Addressing the Student Retention Problem

by Rachel Bishop | August 13, 2019
Addressing the Student Retention Problem

Part one of a three-part series on how educators can meet and surpass retention goals by adapting tactics and creating a welcoming campus to better engage today’s at-risk and underrepresented students.

The student retention problem

One in three students who enroll in postsecondary education in the U.S. never complete their degree. As a result, colleges and students both pay the cost. Institutions that invest a lot of time and money to recruit students forgo the expected tuition for each student who leaves. Ultimately, this impacts their operating budget and the services they are able to provide. For example, say the average cost to attend a public four-year college is $10,000 per year. The loss of revenue from just 50 students departing after their first year will be $1,500,000. Add to that the loss of revenue from fees, residence halls, cafeterias, bookstores, etc., and the total soars. Furthermore, in today’s social media environment, a negative experience by one student can quickly spread to potential future students, decreasing the next pool of applicants. [1]

Due to demographic shifts, the number of graduating high school seniors is expected to decline in the next decade. Colleges will face shrinking pools of applicants and a more competitive recruitment process. This will make it even more imperative to retain the students they have.

Enrollment declines

Enrollment declines are a particular risk for small private schools that offer smaller class sizes and more attention from faculty but lack economies of scale, making it more expensive to serve each student. Historically, these institutions have relied on the model of tuition discounting (reducing sticker price for lower-income students) to meet enrollment needs. However, tuition at many schools has reached a ceiling of what the market will bear, fueling the student retention problem. With lower endowments than elite schools, less competitive, lower-tier schools are at risk of pricing themselves out of the market. The total amount of awards paid out at many schools is dangerously close to surpassing the amount of tuition coming in. These institutions must be able to retain and graduate each and every student who comes in.

The rising cost of college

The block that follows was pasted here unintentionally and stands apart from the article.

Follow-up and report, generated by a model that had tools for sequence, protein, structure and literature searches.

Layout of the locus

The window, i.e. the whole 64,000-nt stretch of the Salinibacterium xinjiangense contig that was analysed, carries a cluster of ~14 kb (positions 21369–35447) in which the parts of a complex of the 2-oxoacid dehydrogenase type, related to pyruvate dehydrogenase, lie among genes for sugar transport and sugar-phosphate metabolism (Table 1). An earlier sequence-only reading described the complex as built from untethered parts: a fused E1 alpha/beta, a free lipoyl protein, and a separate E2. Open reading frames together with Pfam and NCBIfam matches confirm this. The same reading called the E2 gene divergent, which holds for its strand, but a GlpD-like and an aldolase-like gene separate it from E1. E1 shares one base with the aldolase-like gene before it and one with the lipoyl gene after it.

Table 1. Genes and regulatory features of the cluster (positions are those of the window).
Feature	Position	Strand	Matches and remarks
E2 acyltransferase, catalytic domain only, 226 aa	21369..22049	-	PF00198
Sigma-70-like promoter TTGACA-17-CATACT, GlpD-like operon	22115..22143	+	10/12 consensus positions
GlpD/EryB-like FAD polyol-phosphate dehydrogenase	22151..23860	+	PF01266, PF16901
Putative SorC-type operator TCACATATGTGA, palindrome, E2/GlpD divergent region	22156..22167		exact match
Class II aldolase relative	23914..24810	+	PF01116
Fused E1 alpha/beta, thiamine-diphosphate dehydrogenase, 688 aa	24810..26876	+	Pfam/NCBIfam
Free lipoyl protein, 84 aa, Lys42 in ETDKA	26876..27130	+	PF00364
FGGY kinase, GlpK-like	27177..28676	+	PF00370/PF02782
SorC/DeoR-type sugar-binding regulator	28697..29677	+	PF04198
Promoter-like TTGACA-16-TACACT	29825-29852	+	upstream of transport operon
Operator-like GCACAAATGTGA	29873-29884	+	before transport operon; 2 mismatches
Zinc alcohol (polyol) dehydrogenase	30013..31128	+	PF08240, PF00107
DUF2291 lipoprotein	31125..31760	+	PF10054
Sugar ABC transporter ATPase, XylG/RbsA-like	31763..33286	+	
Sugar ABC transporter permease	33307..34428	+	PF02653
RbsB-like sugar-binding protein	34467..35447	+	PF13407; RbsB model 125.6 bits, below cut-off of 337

For students, not completing a college degree can seriously impact their financial future. In the last decade, tuition rates have climbed 56 percent. This is three times more than the rate of inflation. While state spending for higher education was drastically reduced during the recession, it has yet to be fully reinstated in most states. In some cases, it continues to be cut. State spending for higher education is currently 16 percent lower than it was in 2008. As a result, colleges and universities have raised tuition significantly, adding to the student retention problem. However, family income has stagnated and the Federal Pell Grant has not kept pace. In many cases, Pell does not cover the full cost of attendance, creating a gap that students and their families struggle to fill.

The impact on students

Regardless, students who enroll but do not earn a credential must repay their loans. Those who drop out are left with high student loan debt but cannot get jobs with a high enough salary to pay off that debt. To further compound the problem, the inability to repay a student loan makes it harder to borrow for future investments such as starting a business or buying a house or car. Plus, a postsecondary credential is becoming more and more critical to earn a living wage in the current “knowledge economy.” This shift automates either portions of jobs or entire positions altogether. In order to succeed, employees need the higher-level critical thinking and job-specific technical knowledge that higher education provides. Students today are stuck with a high-pressure choice. They need a postsecondary credential to enter the workforce, yet the significant risk of high debt associated with enrollment is a factor.

Those with a higher education degree are by and large better off. They are healthier, less likely to rely on public assistance programs, less likely to be incarcerated, and more immune from periods of unemployment. They are more likely to contribute to, rather than draw from, the tax base and the economy.

The debt crisis

Student debt has become a major financial crisis. Today, more than 44 million adults owe about $1.5 trillion in student loans. The average student graduates with $37,172 in loans with a monthly loan payment of $400. Default rates have more than doubled in the past decade. By 2023, we expect almost half—a whopping 40 percent—of borrowers to default on student loans. This will have serious consequences for the U.S. economy as a whole.

In short, colleges and universities must work to retain the students they have and support them through to graduation. And in order to do that, they must understand who their students are. We will address those most at risk of not completing a postsecondary credential in our next blog. For the full background and steps you can take to improve student retention, download our ebook below.

* Special thanks to our guest author, Alice Anne Bailey, PhD, a Higher Education Consultant.

[1] See Alan Siedman’s Crossing the Finish Line: How to Retain and Graduate Your Students (2018)

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